The Long Tail

by Harold Davis

Reader beware: this is a tale of buzzwords, so if buzzwords bug you, you might want to pass. In fact, it is a long tale of two buzzwords. They are the best of buzzwords, and the worst of buzzwords. And so it begins...

The buzzword, or phrase, that’s my primary topic is “The Long Tail.” “The Long Tail” is a meme—meaning a phrase used to denote a topic of general community discussion. According to various definitions, a meme is (1) an idea that can replicate and evolve, and (2) a basic unit of cultural information subject to mutation, crossover, and adaptation. The use of the term “meme” is credited to evolutionary biologist Richard Dawkins (he used it in his 1976 book The Selfish Gene). Dawkins is the author of many fine books besides The Selfish Gene, including notably The Blind Watchmaker: Why the Evidence of Evolution Reveals a Universe without Design (1986).

“Meme” is, of course, a meme itself, and as such has become a meta-meme. The genetic metaphor is interesting, but from a common sense viewpoint my first, simplest definition (that a meme is a buzzword that is the focus of community discussion) isn’t far off. But I digress. Digression is one of the problems with memes.

To digress further, I like the phrase “the long tail.” It’s evocative. It makes me think of good luck dragons, the greatest story ever told, fur hats, beavers, and particularly Mr. and Mrs. Beaver in C.S. Lewis’s The Lion, the Witch, and the Wardrobe. If you can’t follow this train of associations, don’t worry: it’s my personal weirdness. I also have a racier association, but let’s not even go there.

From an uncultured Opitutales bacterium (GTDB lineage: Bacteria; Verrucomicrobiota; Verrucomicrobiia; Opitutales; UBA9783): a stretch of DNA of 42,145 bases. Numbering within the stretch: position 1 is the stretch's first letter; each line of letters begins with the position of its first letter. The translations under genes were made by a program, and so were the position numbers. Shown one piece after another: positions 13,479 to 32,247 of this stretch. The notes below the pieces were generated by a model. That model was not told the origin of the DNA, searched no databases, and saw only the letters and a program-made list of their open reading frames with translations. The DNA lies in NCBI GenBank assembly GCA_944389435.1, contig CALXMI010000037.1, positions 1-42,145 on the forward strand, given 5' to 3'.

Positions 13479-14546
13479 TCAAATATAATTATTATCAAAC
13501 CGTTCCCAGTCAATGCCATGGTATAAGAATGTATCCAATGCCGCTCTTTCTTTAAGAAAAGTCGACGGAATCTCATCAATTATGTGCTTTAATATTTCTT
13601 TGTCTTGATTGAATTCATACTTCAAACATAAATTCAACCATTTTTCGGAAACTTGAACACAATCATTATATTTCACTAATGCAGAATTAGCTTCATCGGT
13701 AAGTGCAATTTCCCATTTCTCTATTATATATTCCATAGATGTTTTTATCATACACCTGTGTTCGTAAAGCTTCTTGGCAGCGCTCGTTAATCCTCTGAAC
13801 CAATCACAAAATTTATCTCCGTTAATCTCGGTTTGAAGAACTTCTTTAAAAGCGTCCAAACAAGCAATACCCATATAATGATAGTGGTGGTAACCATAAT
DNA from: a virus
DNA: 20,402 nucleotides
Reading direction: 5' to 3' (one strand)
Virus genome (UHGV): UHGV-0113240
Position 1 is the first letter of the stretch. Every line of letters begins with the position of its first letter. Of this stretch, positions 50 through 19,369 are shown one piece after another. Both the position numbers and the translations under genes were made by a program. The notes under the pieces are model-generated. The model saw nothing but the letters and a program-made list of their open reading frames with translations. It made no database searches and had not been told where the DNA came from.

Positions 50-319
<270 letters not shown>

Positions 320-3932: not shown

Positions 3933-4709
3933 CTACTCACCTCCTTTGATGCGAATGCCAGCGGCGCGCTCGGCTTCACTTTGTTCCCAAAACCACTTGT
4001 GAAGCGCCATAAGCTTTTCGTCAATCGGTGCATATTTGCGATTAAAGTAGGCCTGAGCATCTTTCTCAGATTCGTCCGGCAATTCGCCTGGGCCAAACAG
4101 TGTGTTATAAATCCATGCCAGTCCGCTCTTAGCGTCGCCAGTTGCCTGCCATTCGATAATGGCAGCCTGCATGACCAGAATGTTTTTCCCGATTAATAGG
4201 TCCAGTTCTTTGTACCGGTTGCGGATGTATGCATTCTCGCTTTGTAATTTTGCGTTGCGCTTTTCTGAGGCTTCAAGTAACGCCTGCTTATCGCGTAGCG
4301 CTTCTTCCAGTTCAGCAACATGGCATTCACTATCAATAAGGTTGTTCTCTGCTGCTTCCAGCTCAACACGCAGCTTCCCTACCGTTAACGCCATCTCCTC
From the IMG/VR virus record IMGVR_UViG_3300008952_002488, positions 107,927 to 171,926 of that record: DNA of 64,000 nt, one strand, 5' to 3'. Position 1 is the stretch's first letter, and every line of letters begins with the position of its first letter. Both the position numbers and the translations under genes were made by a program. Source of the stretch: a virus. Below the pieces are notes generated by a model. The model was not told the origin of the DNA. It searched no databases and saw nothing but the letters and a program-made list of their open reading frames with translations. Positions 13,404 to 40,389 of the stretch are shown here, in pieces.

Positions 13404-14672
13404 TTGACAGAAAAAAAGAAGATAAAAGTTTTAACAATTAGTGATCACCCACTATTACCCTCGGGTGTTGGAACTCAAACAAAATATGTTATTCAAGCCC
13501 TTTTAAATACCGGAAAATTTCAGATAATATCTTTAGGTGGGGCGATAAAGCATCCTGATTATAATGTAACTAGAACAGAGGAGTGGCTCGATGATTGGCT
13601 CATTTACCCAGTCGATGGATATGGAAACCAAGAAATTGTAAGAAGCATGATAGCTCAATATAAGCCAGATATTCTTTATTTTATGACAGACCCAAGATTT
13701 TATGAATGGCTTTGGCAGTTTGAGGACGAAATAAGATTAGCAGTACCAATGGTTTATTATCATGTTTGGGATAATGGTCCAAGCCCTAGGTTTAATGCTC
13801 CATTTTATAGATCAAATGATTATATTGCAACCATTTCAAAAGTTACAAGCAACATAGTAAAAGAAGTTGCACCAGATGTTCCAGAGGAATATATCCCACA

To statisticians, economists, and econometricians “the long tail” has been a fairly arcane bit of professional slang meaning the long downward slope of many distribution curves, such as the Pareto distribution named after the Italian economist, Marxist, and social theorist Vilfredo Pareto.

Pareto illustrated his distribution curve with his “80-20 rule” regarding wealth in society: 20% of the people own 80% of the wealth. The long tail is (as seen on a graph) the lower and lower probability of a given person having much wealth.

Pareto distribution curves have been found, with the long tail intact, in a wide variety of things including the frequency of words in a text, file size distribution of TCP/IP traffic (few large files, many smaller ones), and the value of oil reserves in oil fields (a few very valuable fields, many less valuable ones), and so on.

Incidentally, I’ve focused on Pareto distribution here because I am so fond of Pareto the historical character who was not only a brilliant thinker, but also stood up for social justice, was an aristocrat (though he disdained the use of his title) who married for love, and a crack practitioner of the arts of dueling. But Pareto distributions are not unique in having long tails. A variety of other probability distributions have long tails, including, for example, exponential distribution.